No-one knows the Dublin din­ing scene bet­ter than a local foodie.

Vacations & Travel - - Contents - BY AOIFE CARRIGY

No-one knows the Dublin din­ing scene bet­ter than a local foodie.

James Joyce fa­mously boasted that if Dublin city “sud­denly dis­ap­peared from the earth” it could be re­con­structed based on the metic­u­lous de­pic­tions in his mod­ernist mas­ter­piece, Ulysses.

Joyce’s Dublin was a drinker’s par­adise, as tes­ti­fied by just how many public houses that his pro­tag­o­nist

Leopold Bloom passes, name-checks or fre­quents dur­ing one fic­tion­alised day – 16th June, 1904. But if Joyce were to write Ulysses now, he’d want to swap out some of those pubs to re­flect the many restau­rants and cafés that jos­tle for Dublin­ers’ pa­tron­age to­day.

The Lif­fey­side city’s fa­mous drink­ing cul­ture hasn’t dis­ap­peared but it has evolved, and it has made room for an en­er­getic new din­ing cul­ture to emerge.

Bloom was a man of ro­bust ap­petites, who rel­ished tangy kid­neys for break­fast and gor­gonzola sand­wiches for lunch (the lat­ter still served in his hon­our in Davy Byrne’s pub where Joyce was a reg­u­lar). To­day’s Dublin­ers are an equally om­niv­o­rous bunch, but they now en­joy a far greater choice of eater­ies in which to sate their ap­petites, from lux­u­ri­ous gas­tro-tem­ples to street food park-ups.

“Dublin’s res­tau­rant scene has re­ally evolved so much in the last five years,” says cel­e­brated chef Barry Fitzger­ald of Bastible, one of what he de­scribes as the “owner-run, casual restau­rants with care­fully considered food and wine dot­ted across the city”.

As an is­land peo­ple with a strong tra­di­tion of glo­be­trot­ting, the Ir­ish have al­ways been cu­ri­ous of what lies be­yond their shores. Like many am­bi­tious young chefs, Fitzger­ald spent time over­seas learn­ing his craft be­fore re­turn­ing to Ire­land with a new­found ap­pre­ci­a­tion for this green isle’s ex­cel­lent food pro­duce, which he likes to let speak for it­self in dishes like cured or­ganic Ir­ish salmon with turnip, but­ter­milk and dill. “Great Ir­ish food isn’t too flashy,” he says. “It wouldn’t re­flect our personalities well if it was.”

Re­moved from the tourist trails of Ge­or­gian Dublin or Tem­ple Bar, these mod­ern food mec­cas of­ten neigh­bour some great local pubs. Across the road from Bastible, The Head­line Bar car­ries one of the city’s best draught se­lec­tions of Ir­ish craft beers.

Fur­ther down what poet Paddy Ka­vanagh called the

“stilly greeny wa­ters” of the Grand Canal, the up­per shelves of the wood-pan­elled bar of O’Brien’s of Lee­son Street in­vite ex­plo­ration of the cur­rent re­nais­sance in Ir­ish whiskey. Around the cor­ner, chef Ciaran Sweeney has gar­nered ac­claim for neigh­bour­hood ‘wine room and kitchen’, For­est & Marcy, with mod­ern Ir­ish snacks like his fer­mented potato bread, ba­con mous­se­line and cab­bage rel­ish.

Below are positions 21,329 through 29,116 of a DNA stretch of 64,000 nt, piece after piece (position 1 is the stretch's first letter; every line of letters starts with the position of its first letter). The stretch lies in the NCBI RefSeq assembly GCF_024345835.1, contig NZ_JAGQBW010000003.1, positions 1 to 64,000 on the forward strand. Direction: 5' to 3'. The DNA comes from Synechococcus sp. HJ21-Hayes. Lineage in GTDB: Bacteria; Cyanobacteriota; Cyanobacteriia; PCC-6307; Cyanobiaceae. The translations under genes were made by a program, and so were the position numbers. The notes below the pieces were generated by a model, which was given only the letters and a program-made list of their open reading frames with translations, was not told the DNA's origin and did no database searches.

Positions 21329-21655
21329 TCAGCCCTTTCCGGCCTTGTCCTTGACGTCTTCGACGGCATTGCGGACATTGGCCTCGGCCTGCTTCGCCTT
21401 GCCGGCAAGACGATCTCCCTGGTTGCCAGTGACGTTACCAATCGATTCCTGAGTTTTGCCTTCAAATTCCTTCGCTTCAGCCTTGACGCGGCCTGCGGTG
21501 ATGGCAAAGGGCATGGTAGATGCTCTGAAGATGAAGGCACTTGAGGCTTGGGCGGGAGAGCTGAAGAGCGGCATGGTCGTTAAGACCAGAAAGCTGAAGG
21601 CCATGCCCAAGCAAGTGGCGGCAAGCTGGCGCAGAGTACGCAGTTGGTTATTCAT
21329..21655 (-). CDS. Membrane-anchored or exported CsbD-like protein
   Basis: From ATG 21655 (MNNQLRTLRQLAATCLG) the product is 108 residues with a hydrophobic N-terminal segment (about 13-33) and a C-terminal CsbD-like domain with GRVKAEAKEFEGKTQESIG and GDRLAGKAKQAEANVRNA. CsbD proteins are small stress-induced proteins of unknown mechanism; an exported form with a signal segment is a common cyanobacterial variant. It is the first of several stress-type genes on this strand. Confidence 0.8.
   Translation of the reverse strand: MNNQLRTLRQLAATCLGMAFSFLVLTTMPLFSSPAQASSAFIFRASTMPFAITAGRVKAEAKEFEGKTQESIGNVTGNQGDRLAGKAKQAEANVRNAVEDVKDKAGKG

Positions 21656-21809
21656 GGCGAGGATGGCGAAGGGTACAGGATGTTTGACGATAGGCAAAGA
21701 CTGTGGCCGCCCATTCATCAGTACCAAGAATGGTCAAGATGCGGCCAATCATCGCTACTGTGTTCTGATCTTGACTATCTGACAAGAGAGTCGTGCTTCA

Some of the city’s pubs have be­come culi­nary des­ti­na­tions in their own right. Across town, L Mul­li­gan Gro­cer in Stoney­bat­ter was one of the first to re­place Guin­ness taps with in­die brews, and to pair these with a menu that cel­e­brated small ar­ti­sanal food pro­duc­ers. Nearby in The Cob­ble­stones, traditional mu­sic played is for its own sake and not for the tourists.

Down the Lif­fey by the el­e­gant Ge­or­gian-built Four Courts build­ings, The Le­gal Ea­gle pub has re­cently re-opened as the lat­est of­fer­ing from restau­ra­teur Elaine Mur­phy and chef Ian Con­nolly, a pair of trail­blaz­ers help­ing to re­de­fine Ir­ish food. Mur­phy and Con­nolly’s col­lab­o­ra­tions in­clude The Wind­ing Stair with its Ha’Penny Bridge views and The Woollen Mills where a young Joyce worked sev­eral life­times ago. At their new gas­tropub, nose-to-tail and root-to-leaf treat­ments of

local meat and veg­eta­bles sit along­side in­no­va­tive Ir­ish potato flat­breads with var­ied top­pings. (“Think smoked had­dock bran­dade, fen­nel and duck egg,” says Mur­phy. “Think ba­con, cab­bage and pars­ley sauce.”)

Around the cor­ner, Capel Street is fast de­vel­op­ing one of Dublin’s most eclec­tic food of­fer­ings. “We love the per­son­al­ity of the street,” says Gar­rett Fitzger­ald, who runs Brother Hub­bard cafe with his part­ner James Boland. “Full pri­mar­ily of owner-run busi­nesses, it re­tains a very in­de­pen­dent spirit.”